It is not necessary to deploy infrastructure to take advantage of our technology. Actually, a large number of use cases require only what an individual can carry.
These use cases are enabled by a smartphone featuring our integrated circuit. The smartphone becomes a locating device. It keeps track of the items that matter to you: laptop, wallet, kids, teddy bear, kitties, whatever. Just attach a small tag to the object and it will be tracked.
The smartphone constantly monitors the items you have tagged. It may help you locate them, and it may also make sure that they stay within the range you have set. The latter feature has become increasingly popular and is known as fencing.
Fencing is defining a perimeter within which your items are safe. If your objects strays outside the distance you specify, the smartphone will warn you. Of course, the perimeter might depend on what is monitored. At work I keep my laptop within 10 meters while I allow up to 40 meters distance with my charger. By the way, did you know that lost laptops in US airports cost more than $2.1B?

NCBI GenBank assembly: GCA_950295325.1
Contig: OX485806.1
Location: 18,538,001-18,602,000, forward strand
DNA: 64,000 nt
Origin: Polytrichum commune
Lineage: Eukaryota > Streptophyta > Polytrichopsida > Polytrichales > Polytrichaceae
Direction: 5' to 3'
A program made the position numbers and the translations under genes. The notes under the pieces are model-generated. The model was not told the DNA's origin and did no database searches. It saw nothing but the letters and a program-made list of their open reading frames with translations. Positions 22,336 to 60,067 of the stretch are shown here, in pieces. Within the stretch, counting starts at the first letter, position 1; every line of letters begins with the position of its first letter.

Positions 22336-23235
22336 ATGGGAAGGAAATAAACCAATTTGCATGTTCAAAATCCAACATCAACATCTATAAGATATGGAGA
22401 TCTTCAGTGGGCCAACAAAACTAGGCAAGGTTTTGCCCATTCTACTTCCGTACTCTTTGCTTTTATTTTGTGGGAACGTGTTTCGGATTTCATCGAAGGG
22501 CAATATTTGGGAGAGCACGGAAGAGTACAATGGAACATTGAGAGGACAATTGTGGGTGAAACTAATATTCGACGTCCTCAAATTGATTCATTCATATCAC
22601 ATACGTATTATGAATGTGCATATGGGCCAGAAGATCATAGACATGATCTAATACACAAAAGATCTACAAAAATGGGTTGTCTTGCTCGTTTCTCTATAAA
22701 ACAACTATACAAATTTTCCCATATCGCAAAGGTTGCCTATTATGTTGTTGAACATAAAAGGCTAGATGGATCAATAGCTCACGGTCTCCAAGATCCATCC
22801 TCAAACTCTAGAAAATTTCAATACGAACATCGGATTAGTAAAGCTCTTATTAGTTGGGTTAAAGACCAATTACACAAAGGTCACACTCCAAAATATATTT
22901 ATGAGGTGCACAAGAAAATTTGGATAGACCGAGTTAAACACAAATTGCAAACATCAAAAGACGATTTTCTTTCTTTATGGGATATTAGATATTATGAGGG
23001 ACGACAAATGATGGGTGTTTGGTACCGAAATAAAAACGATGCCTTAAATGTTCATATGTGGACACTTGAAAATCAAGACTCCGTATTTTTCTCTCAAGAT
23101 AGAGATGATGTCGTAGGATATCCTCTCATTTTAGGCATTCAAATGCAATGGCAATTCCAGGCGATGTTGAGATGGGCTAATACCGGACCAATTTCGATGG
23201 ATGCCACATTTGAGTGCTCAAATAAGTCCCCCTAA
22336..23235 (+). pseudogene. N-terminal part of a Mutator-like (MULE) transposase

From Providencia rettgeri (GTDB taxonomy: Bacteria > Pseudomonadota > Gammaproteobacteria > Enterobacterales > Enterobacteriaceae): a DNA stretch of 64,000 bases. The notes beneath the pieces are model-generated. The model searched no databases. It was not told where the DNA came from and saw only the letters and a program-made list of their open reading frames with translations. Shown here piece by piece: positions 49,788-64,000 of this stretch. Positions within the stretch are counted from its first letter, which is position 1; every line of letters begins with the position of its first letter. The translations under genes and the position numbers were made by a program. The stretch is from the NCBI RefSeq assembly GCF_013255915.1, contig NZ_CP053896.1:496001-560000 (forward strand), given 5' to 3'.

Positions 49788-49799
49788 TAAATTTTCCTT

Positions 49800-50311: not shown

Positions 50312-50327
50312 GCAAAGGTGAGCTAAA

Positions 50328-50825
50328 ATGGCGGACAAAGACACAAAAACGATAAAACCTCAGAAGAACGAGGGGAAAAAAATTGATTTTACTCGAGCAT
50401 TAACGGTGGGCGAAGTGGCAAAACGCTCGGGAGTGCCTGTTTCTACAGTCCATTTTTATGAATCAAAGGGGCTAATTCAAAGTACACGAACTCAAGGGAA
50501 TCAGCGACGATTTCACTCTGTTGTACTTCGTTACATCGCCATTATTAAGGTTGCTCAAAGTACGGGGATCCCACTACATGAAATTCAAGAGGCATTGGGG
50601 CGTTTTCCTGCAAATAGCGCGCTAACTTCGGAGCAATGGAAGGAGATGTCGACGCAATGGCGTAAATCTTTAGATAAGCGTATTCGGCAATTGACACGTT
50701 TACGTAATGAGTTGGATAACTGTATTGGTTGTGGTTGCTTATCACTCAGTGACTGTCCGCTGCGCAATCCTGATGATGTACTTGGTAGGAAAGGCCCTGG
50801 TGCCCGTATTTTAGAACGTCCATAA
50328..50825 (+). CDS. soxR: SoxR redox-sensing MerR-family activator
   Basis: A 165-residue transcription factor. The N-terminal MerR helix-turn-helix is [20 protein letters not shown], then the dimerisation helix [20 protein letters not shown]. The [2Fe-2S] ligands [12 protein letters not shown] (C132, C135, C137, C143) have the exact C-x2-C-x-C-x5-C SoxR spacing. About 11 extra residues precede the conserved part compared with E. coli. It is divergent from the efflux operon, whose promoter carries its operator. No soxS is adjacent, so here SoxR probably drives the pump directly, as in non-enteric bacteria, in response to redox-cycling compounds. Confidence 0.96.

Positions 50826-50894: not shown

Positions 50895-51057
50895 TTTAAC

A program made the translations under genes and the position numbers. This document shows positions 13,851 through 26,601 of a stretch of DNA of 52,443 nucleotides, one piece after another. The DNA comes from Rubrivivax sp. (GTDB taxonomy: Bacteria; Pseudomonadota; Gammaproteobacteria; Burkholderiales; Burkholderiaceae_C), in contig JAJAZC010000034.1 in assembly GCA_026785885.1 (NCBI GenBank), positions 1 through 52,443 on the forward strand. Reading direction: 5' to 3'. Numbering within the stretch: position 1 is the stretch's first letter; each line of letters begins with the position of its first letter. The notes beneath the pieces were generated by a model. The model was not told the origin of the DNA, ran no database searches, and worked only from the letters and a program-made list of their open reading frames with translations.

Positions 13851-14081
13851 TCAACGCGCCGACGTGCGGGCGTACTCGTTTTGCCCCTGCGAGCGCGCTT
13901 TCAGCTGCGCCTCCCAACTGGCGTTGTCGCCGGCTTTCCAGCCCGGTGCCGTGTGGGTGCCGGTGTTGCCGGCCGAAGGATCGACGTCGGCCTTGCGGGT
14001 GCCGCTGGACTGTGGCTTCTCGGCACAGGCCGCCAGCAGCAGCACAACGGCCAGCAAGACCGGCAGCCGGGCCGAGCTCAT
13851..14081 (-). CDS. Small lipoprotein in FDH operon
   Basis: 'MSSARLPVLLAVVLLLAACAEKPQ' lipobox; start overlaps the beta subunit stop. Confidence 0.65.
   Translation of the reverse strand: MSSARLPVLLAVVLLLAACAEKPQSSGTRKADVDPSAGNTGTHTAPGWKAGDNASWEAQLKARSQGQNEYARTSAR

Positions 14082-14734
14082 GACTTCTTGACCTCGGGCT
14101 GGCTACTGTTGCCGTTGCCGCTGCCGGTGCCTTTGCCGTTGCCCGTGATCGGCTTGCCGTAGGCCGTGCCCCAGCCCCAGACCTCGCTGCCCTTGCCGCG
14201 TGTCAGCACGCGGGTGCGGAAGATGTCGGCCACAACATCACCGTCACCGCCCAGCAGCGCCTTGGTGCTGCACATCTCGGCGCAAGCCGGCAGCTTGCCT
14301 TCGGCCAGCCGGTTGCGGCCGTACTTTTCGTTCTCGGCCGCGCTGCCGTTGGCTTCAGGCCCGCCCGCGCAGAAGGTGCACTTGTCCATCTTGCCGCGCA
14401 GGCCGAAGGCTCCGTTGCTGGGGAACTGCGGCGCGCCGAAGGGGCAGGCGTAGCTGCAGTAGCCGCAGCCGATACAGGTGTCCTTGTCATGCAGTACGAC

This type of fencing is centered on the smartphone, so there is no need for additional infrastructure. Your smartphone is a kind of smart cell that keeps track of your belongings.
Many people told us that the fencing feature was great, but what happens if you actually lose your phone?
We have a specific tag for that. You may clip it on your belt or wherever is suitable, and tell your smartphone how close it must stay. This is a convenient way to draw an invisible thread between you and your smartphone. If you walk away, the belt clip will warn you. Considering that a phone is lost every second or so in the world (checkout this interesting study by Lookout), the belt-clip is likely to be very popular.